Written on the 18 August 2011

APRIL 2010


STAFF: 50+

JANUARY’s Magic Million racing carnival remains one of the region’s key economic drivers.

An independent report finalised last September concluded Magic Millions had an immediate economic and social contribution of $52 million to Queensland.

Co-owner Gerry Harvey believes that once tourism and the long-term benefits to Queensland’s racing industry are factored in, the real value could be as high as $120 million.The carnival’s significance is not only found in its contribution to the local economy however.

The Magic Millions yearling auctions attract the biggest names in international racing to not only buy the race-proven Australian thoroughbreds; but to use the first auctions of the year to nervously anticipate the market strength for the coming season.

With famous racing names including Charles Laird, Hong Kong Jockey Club and Gai Waterhouse buying big, the 2010 BMW Magic Millions yearling auctions exceeded budget by $5 million and was labelled a positive litmus test for the southern hemisphere’s racing season.

While the top selling horse fell under the hammer at $925,000 (BC3); just short of the magic $1 million mark, event managing director and head auctioneer David Chester says a clearance rate of 82 per cent had thoroughbred breeders breathing a sigh of relief.

“What the high clearance rate means is that they don’t have to take too many horses home, the vendors wanted to sell and there were plenty of buyers around,” says Chester.

“Nobody knew what to expect with the pretty ordinary economy and we were pretty worried beforehand. As the first sales of the southern hemisphere season, had it not gone well there would have been a flow-on effect to the rest of the country and New Zealand. But the sales turned out a lot better than we expected.”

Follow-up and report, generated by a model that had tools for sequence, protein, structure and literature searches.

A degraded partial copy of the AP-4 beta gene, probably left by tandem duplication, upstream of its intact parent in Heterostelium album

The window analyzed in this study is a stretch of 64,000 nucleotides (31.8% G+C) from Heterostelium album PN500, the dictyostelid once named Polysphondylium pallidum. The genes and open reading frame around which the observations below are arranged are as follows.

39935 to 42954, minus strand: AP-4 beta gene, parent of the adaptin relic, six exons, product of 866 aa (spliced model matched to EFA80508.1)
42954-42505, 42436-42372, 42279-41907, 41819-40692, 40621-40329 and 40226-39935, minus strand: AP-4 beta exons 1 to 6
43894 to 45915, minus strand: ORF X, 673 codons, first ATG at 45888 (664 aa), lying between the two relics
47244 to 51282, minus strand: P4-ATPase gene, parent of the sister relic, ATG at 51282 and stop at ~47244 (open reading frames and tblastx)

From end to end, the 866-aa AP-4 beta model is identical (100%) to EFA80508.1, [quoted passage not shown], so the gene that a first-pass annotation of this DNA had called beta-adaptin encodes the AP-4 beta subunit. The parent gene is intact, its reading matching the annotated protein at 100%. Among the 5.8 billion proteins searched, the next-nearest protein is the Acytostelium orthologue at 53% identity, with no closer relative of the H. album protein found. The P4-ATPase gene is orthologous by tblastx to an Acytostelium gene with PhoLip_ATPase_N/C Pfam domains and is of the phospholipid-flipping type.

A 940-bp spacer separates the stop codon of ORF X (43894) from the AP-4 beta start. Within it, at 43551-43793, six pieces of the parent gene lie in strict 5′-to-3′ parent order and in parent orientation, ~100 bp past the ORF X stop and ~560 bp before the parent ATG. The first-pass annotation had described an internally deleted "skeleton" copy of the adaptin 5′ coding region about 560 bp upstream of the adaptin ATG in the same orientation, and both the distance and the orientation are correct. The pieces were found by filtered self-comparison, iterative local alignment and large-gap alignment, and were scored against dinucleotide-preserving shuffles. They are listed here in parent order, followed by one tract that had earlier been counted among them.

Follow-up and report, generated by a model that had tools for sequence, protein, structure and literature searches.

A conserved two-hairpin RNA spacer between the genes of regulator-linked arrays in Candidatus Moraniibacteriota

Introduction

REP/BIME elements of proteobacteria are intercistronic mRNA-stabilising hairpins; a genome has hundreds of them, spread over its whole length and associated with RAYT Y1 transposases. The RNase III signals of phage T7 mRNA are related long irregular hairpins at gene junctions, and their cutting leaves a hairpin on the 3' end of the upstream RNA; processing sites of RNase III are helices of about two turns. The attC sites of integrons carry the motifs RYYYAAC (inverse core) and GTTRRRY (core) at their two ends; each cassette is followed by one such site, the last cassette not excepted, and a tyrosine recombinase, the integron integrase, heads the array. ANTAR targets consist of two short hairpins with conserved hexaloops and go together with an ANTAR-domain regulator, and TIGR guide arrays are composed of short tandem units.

Magic Millions 2010 was not without controversy as colourful co-owners Harvey and John Singleton challenged the Bligh Government to match dollar for dollar the US$5 million prize money they donate yearly to the event.

Whether or not the government takes up the challenge to make the Magic Millions 2YO Classic the richest horse race in the world, the carnival will continue to be a hot spot for punters, turf enthusiasts and international racing identities alike.


THE Gold Coast Titans has continued to strengthen its membership and fan base following its most successful season on the field since its inception into the NRL in 2007.

Off the field and on the corporate front however, the coast’s NRL franchise is locked in a spiteful Supreme Court battle with Titans’ Centre of Excellence developers Simcorp over an alleged $4.2 million worth of work.

The Titans claim all current work on the Robina project has been paid. Following a preliminary hearing last month the case has been further delayed until later in the year. On a happier note, the Titans first-grade team has established itself as serious 2010 NRL premiership contenders after third on the table overall in last year’s season before bowing out of the finals contention in two straight losses.

On the eve of the 2010 season launch, further additions to the team including the controversial signing of former NSW State of Origin representative Greg Bird, have the Titans in arguably their best position since the inaugural season.

With two years remaining on the naming rights sponsorship contract with Jetstar and its growing presence in both the NRL and Gold Coast’s sporting community, the Gold Coast Titans will look to bury the ongoing Simcorp saga as soon as possible before further capitalising on its strong market.


DESPITE crashing out spectacularly in a penalty shoot-out with the Newcastle Jets, the Gold Coast United’s successful inaugural season has proven many points; the least of all that soccer most definitely has a place on the Gold Coast.

The devastating loss may linger in the players and fans thoughts until the opportunity arises for redemption, but the United’s big wigs will reap the benefits for quite some time.

Speaking to Gold Coast Business News from his corporate box in winning times, chairman Clive Palmer said ‘football’ brings the citizens of the world together by celebrating what they have in common rather than what’s different, but when it comes to the business side the answer is simple – tax losses.

“In a lot of business you make money, football’s one you lose money – instead of giving it to the government give it to the community to promote a sport that creates more peace and prosperity rather than violence,” says Palmer.